James Pethokoukis

Politics and policy from inside Washington

A zero percent income tax rate

July 14, 2009

Think tanker Peter Ferrara talks up an interesting idea in the WSJ:

But what if Republicans proposed a federal tax reform with a 0% income tax rate for the bottom 60% of income earners?  … Trading an explicit 0% tax rate for the bottom 60% in return for eliminating the refundable tax credits would likely be at least revenue neutral, and probably result in a net increase in revenue. … Moreover, we should then be free to adopt sound tax policy for the top 40% of earners who make 75% of total income. Suppose we tax all of the income of those top 40% once with a 15% flat tax? That would be close to revenue neutral on a dynamic basis (i.e. counting work incentive effects). … All flat tax proposals effectively try to do the same through generous personal exemptions that are tax neutral for low- and moderate-income workers. But the explicit 0% rate would make the reform more easily understood. This — rather than adopting still more refundable tax credits as some conservatives are advocating — is also the way to eliminate the distorting tax preference for employer-provided health insurance. … The economic distortions caused by every other tax preference in the code would be minimized or eliminated entirely in this same way.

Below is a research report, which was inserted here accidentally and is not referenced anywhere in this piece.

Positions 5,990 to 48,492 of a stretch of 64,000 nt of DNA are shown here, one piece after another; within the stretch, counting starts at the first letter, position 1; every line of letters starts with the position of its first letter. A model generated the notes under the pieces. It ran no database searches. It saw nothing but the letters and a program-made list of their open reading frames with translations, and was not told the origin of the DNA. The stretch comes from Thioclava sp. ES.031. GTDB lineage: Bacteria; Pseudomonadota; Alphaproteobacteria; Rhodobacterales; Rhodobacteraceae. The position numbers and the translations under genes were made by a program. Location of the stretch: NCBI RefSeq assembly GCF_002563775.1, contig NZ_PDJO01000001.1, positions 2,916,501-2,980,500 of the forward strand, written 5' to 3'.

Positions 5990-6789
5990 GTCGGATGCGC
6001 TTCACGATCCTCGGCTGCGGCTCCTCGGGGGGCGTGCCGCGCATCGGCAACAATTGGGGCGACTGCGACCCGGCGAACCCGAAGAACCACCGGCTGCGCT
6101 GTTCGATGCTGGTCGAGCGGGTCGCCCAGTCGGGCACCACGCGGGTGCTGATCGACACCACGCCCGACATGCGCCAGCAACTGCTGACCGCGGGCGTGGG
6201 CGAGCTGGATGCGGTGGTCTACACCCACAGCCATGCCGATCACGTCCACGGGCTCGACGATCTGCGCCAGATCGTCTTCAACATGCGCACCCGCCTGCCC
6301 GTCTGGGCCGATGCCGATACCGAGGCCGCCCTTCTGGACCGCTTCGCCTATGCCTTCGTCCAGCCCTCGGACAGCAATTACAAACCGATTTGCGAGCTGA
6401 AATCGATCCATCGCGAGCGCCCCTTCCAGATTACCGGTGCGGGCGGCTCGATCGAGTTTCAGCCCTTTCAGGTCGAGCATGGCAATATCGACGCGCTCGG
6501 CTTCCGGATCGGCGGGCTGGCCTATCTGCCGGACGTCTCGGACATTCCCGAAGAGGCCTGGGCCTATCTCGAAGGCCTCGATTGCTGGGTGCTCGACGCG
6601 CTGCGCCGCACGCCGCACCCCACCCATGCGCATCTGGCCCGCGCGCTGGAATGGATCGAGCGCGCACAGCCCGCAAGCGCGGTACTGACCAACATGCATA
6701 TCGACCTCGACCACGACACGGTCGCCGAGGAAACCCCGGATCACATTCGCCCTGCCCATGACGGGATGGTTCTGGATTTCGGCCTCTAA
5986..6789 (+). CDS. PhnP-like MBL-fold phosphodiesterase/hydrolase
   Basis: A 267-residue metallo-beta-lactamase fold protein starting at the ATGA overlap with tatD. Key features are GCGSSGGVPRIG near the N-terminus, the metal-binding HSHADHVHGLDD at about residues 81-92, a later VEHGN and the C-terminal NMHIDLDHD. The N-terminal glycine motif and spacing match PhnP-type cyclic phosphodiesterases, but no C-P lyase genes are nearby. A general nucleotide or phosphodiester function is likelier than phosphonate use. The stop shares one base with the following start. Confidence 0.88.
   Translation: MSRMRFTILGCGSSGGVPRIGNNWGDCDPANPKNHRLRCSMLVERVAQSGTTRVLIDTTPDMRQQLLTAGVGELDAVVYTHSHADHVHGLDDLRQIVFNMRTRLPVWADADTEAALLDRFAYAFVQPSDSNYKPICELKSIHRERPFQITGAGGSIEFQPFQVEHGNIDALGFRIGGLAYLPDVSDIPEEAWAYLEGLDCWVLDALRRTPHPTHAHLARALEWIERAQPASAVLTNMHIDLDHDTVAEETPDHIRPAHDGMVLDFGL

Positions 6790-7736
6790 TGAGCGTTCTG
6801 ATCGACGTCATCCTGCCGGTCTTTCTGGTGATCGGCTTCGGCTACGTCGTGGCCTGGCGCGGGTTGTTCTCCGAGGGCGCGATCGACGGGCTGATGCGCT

My spin: I would like to see a comparison on a revenue and tax efficiency basis of this plan vs. creating a de facto consumption tax by eliminating all taxes on savings and investment.  But it is fascinating as a political framing device. I assume this would also get rid of education and kiddie tax credits, maybe even the mortgage interest deduction? Those would surely raise political hurdles.


Why not just get rid of income tax altogether and raise consumer taxes? It seems to work for Hong Kong, and that way everyone is taxed the same, they just pay more taxes if they buy more stuff.

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